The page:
The Legality of Pixelation

I'm fascinated by the legal intricacies of Fair Use, and I love me my photography, so when I first heard about the battle over Andy Baio's pixelated rendition of Jay Maisel's iconic Miles Davis photograph (seen above), I was intrigued. The short version is that Maisel took a great photo, Baio repurposed it --creating a pixelated version that he believed was covered under Fair Use -- and Maisel sued his ass off. People on the internets got pretty upset because they thought that Maisel was stifling art and generally being a dick. This internet mob had real-life consequences for Maisel, who found himself as the unfortunate target of harassment and online character assassination.

Was it justified? Jeremy Nicholl has weighed in with an in-depth assessment, and he's not kind to Baio, nor one of his defenders, Thomas Hawk:

Andy Baio, a man with a history of breaking and encouraging others to break intellectual property laws, made a considerable amount of money selling his intellectual property to Yahoo [...] His account of his dispute with Jay Maisel provided an ammunition dump for those who wished to attack the photographer for defending his work under the same laws that allowed Baio to profit. And Andrew Peterson / Thomas Hawk has gleefully raided that dump to conduct a campaign of defamation and vilification against Maisel, neglecting to disclose his own recent history of being caught out for copyright infringement and libel.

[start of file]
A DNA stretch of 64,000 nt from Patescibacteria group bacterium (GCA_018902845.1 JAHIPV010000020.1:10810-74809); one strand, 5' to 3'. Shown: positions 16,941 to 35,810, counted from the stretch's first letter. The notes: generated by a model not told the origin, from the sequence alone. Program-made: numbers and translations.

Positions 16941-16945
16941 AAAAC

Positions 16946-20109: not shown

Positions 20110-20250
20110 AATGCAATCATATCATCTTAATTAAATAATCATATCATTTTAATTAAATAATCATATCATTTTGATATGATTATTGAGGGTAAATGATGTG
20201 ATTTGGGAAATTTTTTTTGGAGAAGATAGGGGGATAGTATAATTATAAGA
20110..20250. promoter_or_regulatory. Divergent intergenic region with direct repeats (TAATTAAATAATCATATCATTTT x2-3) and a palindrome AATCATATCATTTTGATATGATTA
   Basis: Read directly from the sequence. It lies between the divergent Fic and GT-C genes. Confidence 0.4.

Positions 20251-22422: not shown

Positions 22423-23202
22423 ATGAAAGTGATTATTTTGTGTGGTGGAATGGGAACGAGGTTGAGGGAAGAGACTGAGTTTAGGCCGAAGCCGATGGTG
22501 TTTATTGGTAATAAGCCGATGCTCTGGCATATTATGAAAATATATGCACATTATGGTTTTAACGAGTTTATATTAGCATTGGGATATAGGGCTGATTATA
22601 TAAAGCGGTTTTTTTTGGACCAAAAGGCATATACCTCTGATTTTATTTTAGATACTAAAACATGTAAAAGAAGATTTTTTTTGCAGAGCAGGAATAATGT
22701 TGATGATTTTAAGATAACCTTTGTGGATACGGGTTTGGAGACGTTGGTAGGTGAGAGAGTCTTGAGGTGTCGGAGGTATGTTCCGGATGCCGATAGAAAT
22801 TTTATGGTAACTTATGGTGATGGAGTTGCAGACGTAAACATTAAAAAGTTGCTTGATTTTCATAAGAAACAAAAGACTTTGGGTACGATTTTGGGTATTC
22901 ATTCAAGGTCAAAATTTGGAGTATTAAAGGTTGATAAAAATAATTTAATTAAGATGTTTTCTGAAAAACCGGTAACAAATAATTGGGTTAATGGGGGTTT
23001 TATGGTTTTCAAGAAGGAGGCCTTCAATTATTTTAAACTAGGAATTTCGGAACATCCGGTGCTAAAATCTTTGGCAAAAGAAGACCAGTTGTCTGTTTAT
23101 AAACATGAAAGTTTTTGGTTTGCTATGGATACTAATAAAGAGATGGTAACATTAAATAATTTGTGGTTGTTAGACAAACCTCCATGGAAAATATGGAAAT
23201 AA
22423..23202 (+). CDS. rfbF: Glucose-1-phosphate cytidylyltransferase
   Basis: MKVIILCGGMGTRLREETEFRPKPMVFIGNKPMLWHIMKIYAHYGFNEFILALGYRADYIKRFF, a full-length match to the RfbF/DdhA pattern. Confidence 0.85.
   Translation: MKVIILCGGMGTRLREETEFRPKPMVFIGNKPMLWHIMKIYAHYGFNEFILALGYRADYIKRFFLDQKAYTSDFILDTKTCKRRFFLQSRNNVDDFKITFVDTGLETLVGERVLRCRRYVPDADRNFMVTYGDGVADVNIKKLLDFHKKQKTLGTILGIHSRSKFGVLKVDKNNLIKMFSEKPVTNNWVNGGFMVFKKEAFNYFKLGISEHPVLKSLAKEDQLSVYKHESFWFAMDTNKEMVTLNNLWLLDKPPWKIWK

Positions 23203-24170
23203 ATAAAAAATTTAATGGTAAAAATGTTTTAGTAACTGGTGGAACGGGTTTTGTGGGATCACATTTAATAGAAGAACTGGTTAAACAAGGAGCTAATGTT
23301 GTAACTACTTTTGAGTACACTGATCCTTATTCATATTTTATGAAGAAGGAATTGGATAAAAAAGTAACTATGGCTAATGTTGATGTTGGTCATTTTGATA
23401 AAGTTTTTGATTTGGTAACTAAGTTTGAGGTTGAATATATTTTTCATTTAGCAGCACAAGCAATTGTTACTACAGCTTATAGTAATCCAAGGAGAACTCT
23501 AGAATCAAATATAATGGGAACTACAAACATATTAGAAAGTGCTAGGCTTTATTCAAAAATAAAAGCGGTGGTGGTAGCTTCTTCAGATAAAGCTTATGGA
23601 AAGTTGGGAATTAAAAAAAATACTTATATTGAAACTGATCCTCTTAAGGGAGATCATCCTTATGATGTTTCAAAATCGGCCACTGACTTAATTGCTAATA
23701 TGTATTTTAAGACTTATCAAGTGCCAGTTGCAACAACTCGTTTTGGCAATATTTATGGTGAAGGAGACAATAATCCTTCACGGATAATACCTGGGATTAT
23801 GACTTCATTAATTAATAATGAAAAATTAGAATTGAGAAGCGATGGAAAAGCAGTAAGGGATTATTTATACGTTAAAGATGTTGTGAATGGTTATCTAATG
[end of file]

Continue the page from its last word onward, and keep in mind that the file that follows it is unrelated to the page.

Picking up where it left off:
See Andy Baio's response to Nicholl by clicking here. For further reading, check out Baio's original post on the topic, as well as Copyhype's deconstruction of Baio's Fair Use argument.

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